What Each Olympic Medal Costs Each Country Versus GDP

August 23, 2016 by Jon C. Ogg

The 2016 Olympics in Rio have come to an end. The big haul of gold and total medals was won by the United States, but Great Britain, China, Russia and Germany all had impressive medal tallies as well.

While one cannot say that a nation’s entire effort is geared toward winning Olympic medals, one interesting view for the larger economic snapshot is seeing how much each gold medal and then all medals would cost based on each nation’s gross domestic product (GDP). This calculation would imply that each medal won in the Olympics would cost billions of dollars. In some cases, that is hundreds of billions of dollars.

24/7 Wall St. tracked the top 20 nations by gold medals won in the 2016 Olympics in Brazil. We also viewed the total number of medals won by each of those 20 nations. Data on the medals counts were from Google’s own tracking. The CIA World Factbook was used for GDP calculations on a purchasing power parity calculation (2015 in most cases) and for each nation’s total population.

These figures do not take into account the actual dollars spent on the Olympic teams themselves.

Using those figures led to a cost per gold medal and a cost for all medals won. The reality is that these numbers would favor the smaller nations that win just a few medals here and there, but this gives an indication of what each powerful nation’s cost looks like versus each nation’s output.

It turns out that the United States and China had extremely expensive medals. Nations like Jamaica, Croatia, Hungary and others spend far less per medal won than other nations using the GDP calculation. Here are the tallies for each of the top 20 nations on a per medal basis versus GDP.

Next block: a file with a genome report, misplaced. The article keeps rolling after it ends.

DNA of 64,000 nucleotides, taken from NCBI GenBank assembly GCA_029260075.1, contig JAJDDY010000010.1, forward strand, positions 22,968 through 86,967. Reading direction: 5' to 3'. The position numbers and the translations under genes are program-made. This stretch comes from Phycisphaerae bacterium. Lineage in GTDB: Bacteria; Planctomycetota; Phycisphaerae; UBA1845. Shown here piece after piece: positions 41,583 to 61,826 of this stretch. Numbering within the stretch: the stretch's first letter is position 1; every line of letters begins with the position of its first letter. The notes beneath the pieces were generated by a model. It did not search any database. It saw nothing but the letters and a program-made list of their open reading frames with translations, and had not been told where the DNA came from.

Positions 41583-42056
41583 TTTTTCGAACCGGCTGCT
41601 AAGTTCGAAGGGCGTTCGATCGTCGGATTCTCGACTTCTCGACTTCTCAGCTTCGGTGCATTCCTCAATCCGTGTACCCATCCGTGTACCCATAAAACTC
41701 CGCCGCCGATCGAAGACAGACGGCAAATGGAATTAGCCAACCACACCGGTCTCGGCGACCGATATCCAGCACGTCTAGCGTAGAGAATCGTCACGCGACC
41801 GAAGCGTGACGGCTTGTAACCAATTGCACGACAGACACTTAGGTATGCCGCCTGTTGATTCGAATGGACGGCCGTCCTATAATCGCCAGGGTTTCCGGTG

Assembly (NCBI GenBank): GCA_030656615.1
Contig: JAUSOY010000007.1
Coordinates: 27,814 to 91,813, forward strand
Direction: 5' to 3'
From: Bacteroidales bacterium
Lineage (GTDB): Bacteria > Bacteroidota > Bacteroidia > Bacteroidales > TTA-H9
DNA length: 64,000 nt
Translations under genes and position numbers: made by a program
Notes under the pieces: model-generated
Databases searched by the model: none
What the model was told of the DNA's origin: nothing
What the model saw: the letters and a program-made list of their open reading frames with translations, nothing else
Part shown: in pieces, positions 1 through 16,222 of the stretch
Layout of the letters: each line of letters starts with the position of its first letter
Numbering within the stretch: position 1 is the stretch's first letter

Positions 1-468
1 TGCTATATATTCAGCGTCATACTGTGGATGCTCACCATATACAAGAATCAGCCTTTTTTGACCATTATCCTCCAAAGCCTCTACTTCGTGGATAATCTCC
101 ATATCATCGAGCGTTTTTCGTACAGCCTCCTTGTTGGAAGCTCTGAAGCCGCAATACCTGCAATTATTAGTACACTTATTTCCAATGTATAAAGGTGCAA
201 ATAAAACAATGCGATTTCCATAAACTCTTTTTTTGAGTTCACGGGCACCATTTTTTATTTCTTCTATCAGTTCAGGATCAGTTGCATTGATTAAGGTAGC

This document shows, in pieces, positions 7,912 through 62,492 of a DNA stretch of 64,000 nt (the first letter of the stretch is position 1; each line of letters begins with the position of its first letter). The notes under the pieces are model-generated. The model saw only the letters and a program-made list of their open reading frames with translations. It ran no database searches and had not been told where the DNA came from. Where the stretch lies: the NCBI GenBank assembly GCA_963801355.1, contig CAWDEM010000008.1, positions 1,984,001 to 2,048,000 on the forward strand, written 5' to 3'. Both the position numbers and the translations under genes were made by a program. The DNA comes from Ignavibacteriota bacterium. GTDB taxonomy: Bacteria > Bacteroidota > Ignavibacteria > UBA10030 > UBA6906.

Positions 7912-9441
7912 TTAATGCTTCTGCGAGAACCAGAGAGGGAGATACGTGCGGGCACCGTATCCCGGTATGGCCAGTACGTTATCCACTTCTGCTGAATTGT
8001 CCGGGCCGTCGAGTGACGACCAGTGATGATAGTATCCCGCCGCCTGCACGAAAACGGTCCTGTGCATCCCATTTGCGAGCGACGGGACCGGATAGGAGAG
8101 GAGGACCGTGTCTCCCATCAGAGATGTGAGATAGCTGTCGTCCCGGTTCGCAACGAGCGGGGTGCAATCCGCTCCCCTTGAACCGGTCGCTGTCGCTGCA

1. United States
> Gold medals: 46
> Total medals: 121
> GDP: $17.95 trillion
> Population: 321.3 million

The United States took the pole position for all medals won, and also for all gold medals won. The total of 121 medals was broken down as 46 gold, followed by 37 silver and 38 bronze medals. This total count was broken down as 33 medals in swimming, 32 in track and field and 12 in gymnastics — with wins in almost every other group. The U.S. also won medals in more gold medal categories than it did not. If you counted a nation’s total GDP, the U.S. cost per gold medal was $390 billion, or a mere $148 billion for each of its 121 total medals after you add in the bronze and silver wins.

2. Great Britain
> Gold medals: 27
> Total medals: 67
> GDP (UK): $2.68 trillion
> Population (UK): 64.1 million

Great Britain’s total 67 medals were dominated golds at 27, versus 23 silvers and 17 bronzes. Their impressive 67 medals was dominated by 11 in cycling-track, seven in track and field, six in gymnastics, six in swimming and five in rowing. Great Britain is referred to as the United Kingdom by the CIA World Factbook, but its cost based on GDP was $99.25 billion per gold medal, or $40 billion for each of the 67 medals.

3. China
> Gold medals: 26
> Total medals: 70
> GDP: $19.4 trillion
> Population: 1.367 billion

China’s 70 medals were 26 gold, followed by 18 silver and 26 bronze. For the largest nation in the world and the GDP at or better than the United States, China probably feels a bit disappointed. China leads the world in GDP and in population, and its ambitions for growth and recognition may not even matter on a cost basis. Its cost on GDP would be an astonishing $746 billion per gold medal, or $277 billion for each of its 70 total medals.

4. Russia
> Gold medals: 19
> Total medals: 56
> GDP: $3.72 trillion
> Population: 142.4 million

Russia’s total of 56 medals was spread almost equally among the three medals: 19 gold, 18 silver and 19 bronze. With all the scandals, this might actually be a big win, considering the cloud over the Russian Olympics team. Russia’s cost per gold medal would be almost $196 billion, but its cost per 56 of the total medals would be $66.4 billion each.